Generally speaking, a commercial agent must look after the interests of his principal and act both dutifully and in good faith. Specifically, the commercial agent must make proper efforts to negotiate and conclude transactions, must communicate all necessary information he has to his principal and must comply with any reasonable instruction given by his principal. In addition, the agent must comply with the terms of the agency agreement in place with the principal, whether it be by way of written or verbal contract.
A principal must act both dutifully and in good faith in his relations with his commercial agent. This includes providing the commercial agent with the necessary documentation concerning any goods, obtain whatever information is necessary for the agent to perform the agency agreement, inform the agent if a significantly lower than usual volume of transactions is expected and inform the agent of his acceptance or rejection of any transaction procured by the agent. A principal must provide the agent with a statement of commission due to the agent and must pay the agent “reasonable remuneration”, in the absence of any agreement in relation to a specific level of remuneration. In addition, the agent must comply with the terms of the agency agreement in place with the principal, whether it be by way of written or verbal contract.
No, it is not possible to contract out of or exclude the Regulations in their entirety however, it is possible to limit the application of certain specific Regulations. We would strongly recommend that legal advice is taken if you are considering limiting the effect of any of the Regulations.
No, it is not a legal requirement to have a written agency agreement in place, although it is often the case that a written agency agreement clarifies the rights, duties and obligations of both agent and principal, which assists in determining the contractual relationship between them. Both agent and principal have a right to receive from the other a signed written document setting out the terms of the agency contract, on request. Often however, it will be in an agent’s interests not to have a written agreement in place.
If there is no written agency agreement in place, the Regulations will apply as the fall-back position. Relying solely on the Regulations can have advantages and disadvantages depending on whether you are agent or principal and also, the circumstances of any dispute which might arise between you. The Regulations tend to favour agents, hence why not having a written agreement is often preferable for an agent.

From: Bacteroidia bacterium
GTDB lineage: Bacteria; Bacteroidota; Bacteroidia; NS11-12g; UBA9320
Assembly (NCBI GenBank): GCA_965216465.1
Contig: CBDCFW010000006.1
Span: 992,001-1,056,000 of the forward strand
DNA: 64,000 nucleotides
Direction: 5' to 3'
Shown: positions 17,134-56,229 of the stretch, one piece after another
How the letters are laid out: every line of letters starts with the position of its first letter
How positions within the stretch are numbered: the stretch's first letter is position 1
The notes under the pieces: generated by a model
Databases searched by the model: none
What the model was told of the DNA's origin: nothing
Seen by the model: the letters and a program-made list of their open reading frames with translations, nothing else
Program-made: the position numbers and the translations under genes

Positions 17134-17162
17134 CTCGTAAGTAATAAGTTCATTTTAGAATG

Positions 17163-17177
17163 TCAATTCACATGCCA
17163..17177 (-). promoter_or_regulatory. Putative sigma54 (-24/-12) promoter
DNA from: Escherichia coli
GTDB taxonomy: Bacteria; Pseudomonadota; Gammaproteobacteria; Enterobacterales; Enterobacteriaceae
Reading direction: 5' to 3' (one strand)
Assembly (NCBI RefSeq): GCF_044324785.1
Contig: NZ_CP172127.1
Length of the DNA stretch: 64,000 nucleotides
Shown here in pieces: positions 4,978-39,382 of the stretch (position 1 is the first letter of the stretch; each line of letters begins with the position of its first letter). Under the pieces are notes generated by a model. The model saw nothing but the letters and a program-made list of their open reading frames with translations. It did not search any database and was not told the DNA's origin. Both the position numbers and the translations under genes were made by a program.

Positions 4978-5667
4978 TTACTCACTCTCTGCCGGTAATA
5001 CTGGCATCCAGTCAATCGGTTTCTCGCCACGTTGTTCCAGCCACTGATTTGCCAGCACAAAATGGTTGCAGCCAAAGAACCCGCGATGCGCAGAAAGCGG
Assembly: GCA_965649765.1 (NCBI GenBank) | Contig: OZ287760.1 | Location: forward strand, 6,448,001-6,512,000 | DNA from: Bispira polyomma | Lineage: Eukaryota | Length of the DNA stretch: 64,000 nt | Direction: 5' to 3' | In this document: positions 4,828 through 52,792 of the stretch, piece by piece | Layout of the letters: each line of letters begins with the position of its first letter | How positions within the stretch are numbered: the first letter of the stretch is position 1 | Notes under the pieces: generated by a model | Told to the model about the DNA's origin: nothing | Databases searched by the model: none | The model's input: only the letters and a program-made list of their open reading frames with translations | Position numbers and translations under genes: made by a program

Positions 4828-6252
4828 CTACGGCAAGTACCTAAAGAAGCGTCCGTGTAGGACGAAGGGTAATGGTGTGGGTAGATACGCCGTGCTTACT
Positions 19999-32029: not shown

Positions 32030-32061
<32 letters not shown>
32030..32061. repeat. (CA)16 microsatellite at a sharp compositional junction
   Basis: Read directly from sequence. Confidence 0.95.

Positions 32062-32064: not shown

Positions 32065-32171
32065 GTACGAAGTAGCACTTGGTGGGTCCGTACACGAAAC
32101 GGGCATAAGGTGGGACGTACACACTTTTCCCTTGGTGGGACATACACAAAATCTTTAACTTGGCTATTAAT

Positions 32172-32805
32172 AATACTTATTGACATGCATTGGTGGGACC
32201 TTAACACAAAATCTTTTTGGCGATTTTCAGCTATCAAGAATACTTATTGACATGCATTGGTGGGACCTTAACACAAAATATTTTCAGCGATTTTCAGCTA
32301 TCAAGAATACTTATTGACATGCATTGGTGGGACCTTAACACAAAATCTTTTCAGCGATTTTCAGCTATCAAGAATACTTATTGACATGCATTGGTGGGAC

This very much depends on the circumstances of your individual relationship with your agent/principal. If you are an agent, it may be advantageous to you not to have a written agreement so that you are not bound by sales targets and so that you may benefit from the payment of compensation on termination (as opposed to indemnity – see below), under Regulation 17. If you are a principal, it may be advantageous to you to have a written agreement, so that you may try to impose sales targets on your agent(s) or that you might specify that an indemnity is payable on termination under Regulation 17, rather than compensation. While there are definite advantages in having a written agreement, if the written agreement is poor or is drafted without an understanding of the workings of the Regulations, it may not do its intended job and may fail to provide you with the protection which you were expecting it to.
Yes – under Regulation 13 you are entitled, on request, to receive a signed written document from your principal, which sets out the terms of your agency contract.
At the outset of an agency, the agency and principal are free to negotiate and sign up to a written agreement. However, if a commercial agent has been acting for a principal for some time without having had a written agreement in place, the principal is not able to then “force” the agent to sign up to a written agreement when the contractual relationship is already in existence, where the agent does not want to do so.
No, a written agreement cannot exclude or contract out of the Regulations but it is possible to limit the extent and effect of some of the Regulations. We would strongly recommend that you take legal advice on which of the Regulations may/may not be limited.
This depends on the wording of the agreement and whether both parties agree that the terms of the agency relationship should be changed. If this is the case, the original written agreement must be complied with in terms of any requirements for making amendments to the agreement between the parties. If the written agreement does not provide for amendments, it will be necessary for all parties to the agreement to consent to the amendment and for a further document or addendum to the agreement, to be agreed and signed, in order for the amendment to legally take effect.